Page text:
If there lurks in most modern minds the notion that to desire our own good and earnestly to hope for the enjoyment of it is a bad thing, I submit that this notion has crept in from Kant and the Stoics and is no part of the Christian faith. Indeed, if we consider the unblushing promises of reward and the staggering nature of the rewards promised in the Gospels, it would seem that Our Lord finds our desires not too strong, but too weak. (The Weight of Glory and Other Addresses, 1-2).

So, we may say, it is perfectly right to enjoy the gifts of God. If I have not pointed to specific passages of Scripture, let it be noted that I have attempted to demonstrate that there is a more comprehensive theology of pleasure which under girds this point. A theology which sees God’s hand in the created world, and Christ’s blessing of the cultured world, and God’s gifts as best used when they are enjoyed.

The longer answer to this question is, however, that it’s complicated. That is to say sin can easily contaminate our best intentions. So, to do things for ourselves can quickly lead to self-indulgence, selfishness, and disregard for our other responsibilities as followers of Christ. So, if “doing things for myself” means ignoring the needs of others, disobey God, being irresponsible in my finances, or forgetting to thank God for His many good gifts then I have entered the realm of sin. This means that “doing things for myself” sometimes (often?) requires critical evaluation and thinking. So a series of good questions to ask ourselves might be:

1. Why do I delight in this? We ought to stop and consider the joy we find in the things we indulge in. This allows us opportunity to express thankfulness to God, to think more specifically about our joy, and to express it with greater delight. It also allows us to evaluate our motivations. Is there any sinful motivation in my delight? Do I like this outfit because I feel superior to others in it, do I like this movie because it presents me as smart and cultured? Do I like this book because of its explicit descriptions of sensuality? What are the reasons for my joy?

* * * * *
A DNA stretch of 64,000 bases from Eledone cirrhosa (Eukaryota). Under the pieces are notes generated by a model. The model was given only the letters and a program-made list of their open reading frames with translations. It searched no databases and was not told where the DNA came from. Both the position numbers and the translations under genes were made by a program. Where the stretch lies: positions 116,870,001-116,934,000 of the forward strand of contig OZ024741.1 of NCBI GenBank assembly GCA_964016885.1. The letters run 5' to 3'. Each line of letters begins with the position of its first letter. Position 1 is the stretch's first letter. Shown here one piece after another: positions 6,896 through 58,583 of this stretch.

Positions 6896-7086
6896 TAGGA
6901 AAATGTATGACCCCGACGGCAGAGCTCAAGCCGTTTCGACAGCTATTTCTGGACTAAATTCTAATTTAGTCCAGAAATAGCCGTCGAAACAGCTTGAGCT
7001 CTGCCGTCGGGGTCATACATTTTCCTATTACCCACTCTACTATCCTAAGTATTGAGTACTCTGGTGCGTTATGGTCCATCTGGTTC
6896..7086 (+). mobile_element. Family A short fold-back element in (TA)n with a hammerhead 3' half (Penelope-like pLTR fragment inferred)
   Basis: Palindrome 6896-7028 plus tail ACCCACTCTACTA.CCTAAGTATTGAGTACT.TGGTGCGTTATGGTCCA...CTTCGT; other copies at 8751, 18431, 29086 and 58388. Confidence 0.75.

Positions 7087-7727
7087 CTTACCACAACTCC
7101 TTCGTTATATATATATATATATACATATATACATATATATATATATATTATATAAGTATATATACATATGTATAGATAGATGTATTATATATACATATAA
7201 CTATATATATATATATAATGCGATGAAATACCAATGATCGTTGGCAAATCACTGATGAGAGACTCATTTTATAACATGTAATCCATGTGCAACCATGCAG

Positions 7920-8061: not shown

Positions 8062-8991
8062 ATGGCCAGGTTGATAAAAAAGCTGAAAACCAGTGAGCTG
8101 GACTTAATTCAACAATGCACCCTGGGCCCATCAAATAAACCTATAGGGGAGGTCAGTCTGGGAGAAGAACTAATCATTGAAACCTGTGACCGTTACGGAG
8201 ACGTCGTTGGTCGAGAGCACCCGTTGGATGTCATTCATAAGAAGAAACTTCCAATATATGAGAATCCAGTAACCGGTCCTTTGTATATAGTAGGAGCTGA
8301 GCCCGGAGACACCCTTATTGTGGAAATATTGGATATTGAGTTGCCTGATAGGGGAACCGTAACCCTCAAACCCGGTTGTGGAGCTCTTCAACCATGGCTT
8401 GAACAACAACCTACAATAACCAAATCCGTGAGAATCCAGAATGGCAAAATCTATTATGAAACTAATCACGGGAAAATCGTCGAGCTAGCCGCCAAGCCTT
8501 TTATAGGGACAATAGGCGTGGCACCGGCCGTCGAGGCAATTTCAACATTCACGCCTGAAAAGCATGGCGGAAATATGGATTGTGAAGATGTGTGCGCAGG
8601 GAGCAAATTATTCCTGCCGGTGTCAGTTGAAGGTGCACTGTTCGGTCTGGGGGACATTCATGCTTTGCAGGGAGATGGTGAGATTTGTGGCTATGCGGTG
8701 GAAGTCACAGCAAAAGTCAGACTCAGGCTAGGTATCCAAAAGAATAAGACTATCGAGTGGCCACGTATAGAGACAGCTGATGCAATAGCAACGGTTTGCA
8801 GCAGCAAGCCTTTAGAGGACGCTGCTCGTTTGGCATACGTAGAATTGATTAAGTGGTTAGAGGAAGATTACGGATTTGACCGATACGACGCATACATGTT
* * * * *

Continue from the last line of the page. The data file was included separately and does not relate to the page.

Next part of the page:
2. Am I being irresponsible with my time or money? Is buying this or indulging in this going to require me to spend more than I should, more than I budgeted? Is buying this going to hamper my ability to tithe, give to others, or pay my bills? Is indulging in this going to require me to neglect in important duties for extended periods of time? Am I going to fall behind in my other duties?

3. Do I spend more time focused on myself than on the Lord and others? This question invites us to step back from the immediate pleasure to consider more carefully the general pattern and trajectory of our life. If I am continually “doing things for myself” such that I rarely spend time thinking about others or thanking the Lord then I should reconsider my indulgence.

It’s not that we need to ask ourselves these question every single time we do something. Rather, we need to take time regularly to just evaluate our habits and indulgences. In this way we can better answer the question for ourselves in the moment: is it a sin to do things for myself.